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Man vs. Machine: Picking From Five and I’m Still Alive!

In this series, RotoViz writers will be using the Draft Dashboard, the flagship tool of the FFDRAFTPREP Package, to practice approaching 2018 fantasy drafts. Twelve authors will be participating and each will be mock-drafting from a different starting position, using the tool. The aim of this series is to outline the strategies employed by our writers, the information they are using to inform their decisions, and to obtain an understanding of how draft slot plays a role in the development of their strategy. At the end of each mock, the author will compare their team to those drafted by the computer and self-assess whether or not they “won” the draft.

Let’s get to it.


For consistency, the writers in this series will draft in 12-team PPR leagues, and the ADP source will be set to “Average PPR.” Starting lineups comprise 10 players: 1 QB, 2 RBs, 3 WRs, 1 TE, 1 flex (any RB/WR/TE), 1 kicker and 1 defense, with a six-player bench. The computer teams are set to “Mixed,” which means some will emphasize balanced rosters, while others may heavily weight running backs or wide receivers.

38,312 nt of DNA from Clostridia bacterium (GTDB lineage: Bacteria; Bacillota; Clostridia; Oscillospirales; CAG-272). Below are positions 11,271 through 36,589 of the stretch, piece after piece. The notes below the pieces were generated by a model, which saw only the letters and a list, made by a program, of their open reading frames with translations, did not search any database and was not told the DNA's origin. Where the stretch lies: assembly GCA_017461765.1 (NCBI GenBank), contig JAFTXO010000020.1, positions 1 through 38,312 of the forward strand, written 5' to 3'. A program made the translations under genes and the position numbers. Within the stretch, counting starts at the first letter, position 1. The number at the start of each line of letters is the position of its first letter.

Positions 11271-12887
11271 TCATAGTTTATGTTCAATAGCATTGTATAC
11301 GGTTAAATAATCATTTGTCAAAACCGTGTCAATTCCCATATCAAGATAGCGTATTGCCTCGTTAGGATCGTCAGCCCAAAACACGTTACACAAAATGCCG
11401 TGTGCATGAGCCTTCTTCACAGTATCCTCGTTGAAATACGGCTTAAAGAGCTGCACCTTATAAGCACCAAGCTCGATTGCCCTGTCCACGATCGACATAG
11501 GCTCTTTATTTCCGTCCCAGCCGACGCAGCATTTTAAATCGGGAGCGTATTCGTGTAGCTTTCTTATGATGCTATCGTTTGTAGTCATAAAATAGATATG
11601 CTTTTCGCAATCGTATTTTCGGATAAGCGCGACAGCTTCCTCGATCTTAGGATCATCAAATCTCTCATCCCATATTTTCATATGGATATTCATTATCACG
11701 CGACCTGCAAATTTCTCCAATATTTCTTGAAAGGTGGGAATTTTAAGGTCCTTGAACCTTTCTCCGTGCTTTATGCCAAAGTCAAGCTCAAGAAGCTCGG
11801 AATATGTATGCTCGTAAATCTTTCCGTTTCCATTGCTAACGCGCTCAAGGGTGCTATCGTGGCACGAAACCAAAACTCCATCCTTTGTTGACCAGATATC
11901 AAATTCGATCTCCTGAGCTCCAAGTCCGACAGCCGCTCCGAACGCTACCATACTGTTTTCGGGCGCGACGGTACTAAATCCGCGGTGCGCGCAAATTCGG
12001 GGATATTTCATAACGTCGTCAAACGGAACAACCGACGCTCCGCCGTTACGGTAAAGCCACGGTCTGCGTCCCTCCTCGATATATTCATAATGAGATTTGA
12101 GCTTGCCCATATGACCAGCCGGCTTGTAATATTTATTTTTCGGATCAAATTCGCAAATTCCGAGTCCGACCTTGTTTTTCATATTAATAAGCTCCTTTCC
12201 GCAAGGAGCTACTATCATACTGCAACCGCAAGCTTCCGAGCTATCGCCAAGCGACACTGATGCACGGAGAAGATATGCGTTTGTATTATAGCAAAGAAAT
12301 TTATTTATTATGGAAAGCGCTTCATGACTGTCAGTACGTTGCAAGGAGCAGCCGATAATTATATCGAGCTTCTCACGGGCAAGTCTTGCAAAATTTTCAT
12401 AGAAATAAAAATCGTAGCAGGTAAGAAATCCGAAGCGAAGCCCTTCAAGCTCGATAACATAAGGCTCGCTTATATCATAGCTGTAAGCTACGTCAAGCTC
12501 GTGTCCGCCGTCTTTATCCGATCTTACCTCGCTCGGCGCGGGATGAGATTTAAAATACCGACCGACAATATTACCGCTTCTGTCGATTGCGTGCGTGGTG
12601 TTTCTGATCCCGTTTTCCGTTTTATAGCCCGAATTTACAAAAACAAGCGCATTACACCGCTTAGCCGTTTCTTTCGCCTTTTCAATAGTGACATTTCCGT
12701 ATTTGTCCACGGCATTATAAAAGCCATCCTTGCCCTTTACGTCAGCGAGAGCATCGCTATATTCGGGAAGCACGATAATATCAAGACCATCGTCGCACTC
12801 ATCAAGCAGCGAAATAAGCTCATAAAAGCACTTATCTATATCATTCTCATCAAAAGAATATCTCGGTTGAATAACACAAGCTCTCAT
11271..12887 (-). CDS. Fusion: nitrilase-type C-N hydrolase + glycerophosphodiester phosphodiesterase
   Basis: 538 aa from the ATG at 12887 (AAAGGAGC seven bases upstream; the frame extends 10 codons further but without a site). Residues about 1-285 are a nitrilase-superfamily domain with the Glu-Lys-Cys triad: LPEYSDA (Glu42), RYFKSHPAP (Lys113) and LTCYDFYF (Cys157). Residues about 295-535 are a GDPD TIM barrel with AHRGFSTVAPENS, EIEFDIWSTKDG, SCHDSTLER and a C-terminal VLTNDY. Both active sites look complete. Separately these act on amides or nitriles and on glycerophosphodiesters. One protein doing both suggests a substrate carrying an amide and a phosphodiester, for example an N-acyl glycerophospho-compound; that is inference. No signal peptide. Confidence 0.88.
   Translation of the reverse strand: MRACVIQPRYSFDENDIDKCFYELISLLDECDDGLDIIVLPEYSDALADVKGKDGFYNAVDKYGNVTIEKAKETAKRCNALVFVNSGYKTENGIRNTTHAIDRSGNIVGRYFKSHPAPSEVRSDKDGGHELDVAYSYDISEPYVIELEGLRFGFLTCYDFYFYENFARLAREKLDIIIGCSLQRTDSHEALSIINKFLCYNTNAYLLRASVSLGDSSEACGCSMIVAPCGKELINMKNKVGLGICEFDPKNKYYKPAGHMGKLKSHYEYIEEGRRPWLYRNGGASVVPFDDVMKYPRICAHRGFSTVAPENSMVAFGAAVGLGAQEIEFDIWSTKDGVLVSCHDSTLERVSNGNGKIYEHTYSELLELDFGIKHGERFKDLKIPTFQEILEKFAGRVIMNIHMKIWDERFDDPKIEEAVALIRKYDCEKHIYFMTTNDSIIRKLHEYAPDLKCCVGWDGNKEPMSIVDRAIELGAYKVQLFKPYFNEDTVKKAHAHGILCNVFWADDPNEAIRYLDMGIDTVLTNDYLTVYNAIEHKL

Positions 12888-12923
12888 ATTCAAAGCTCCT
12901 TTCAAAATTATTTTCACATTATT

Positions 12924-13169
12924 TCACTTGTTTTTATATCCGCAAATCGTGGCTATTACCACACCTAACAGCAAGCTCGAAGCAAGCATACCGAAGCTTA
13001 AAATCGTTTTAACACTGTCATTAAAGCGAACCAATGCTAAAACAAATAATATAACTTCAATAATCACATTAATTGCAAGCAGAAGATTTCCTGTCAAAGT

I’m picking from spot number five, giving me a great opportunity to play the draft while accounting for positional runs.


While RotoViz writers generally tend to adhere to a Zero-RB draft strategy, I’ve consistently talked about (here and here) the need for fantasy owners to secure top notch RBs due to the position losing value year over year. As such, I decided to take a heavy RB approach, just to see how the draft shakes out. The approach would be a bit different than what others involved in this exercise would be trying and would provide a different perspective. I was certain I could find high-upside WRs in the middle to late part of the draft, and chose to grab a top tight end and quarterback before shifting my attention heavily towards the position, a strategy that appears likely to have paid off.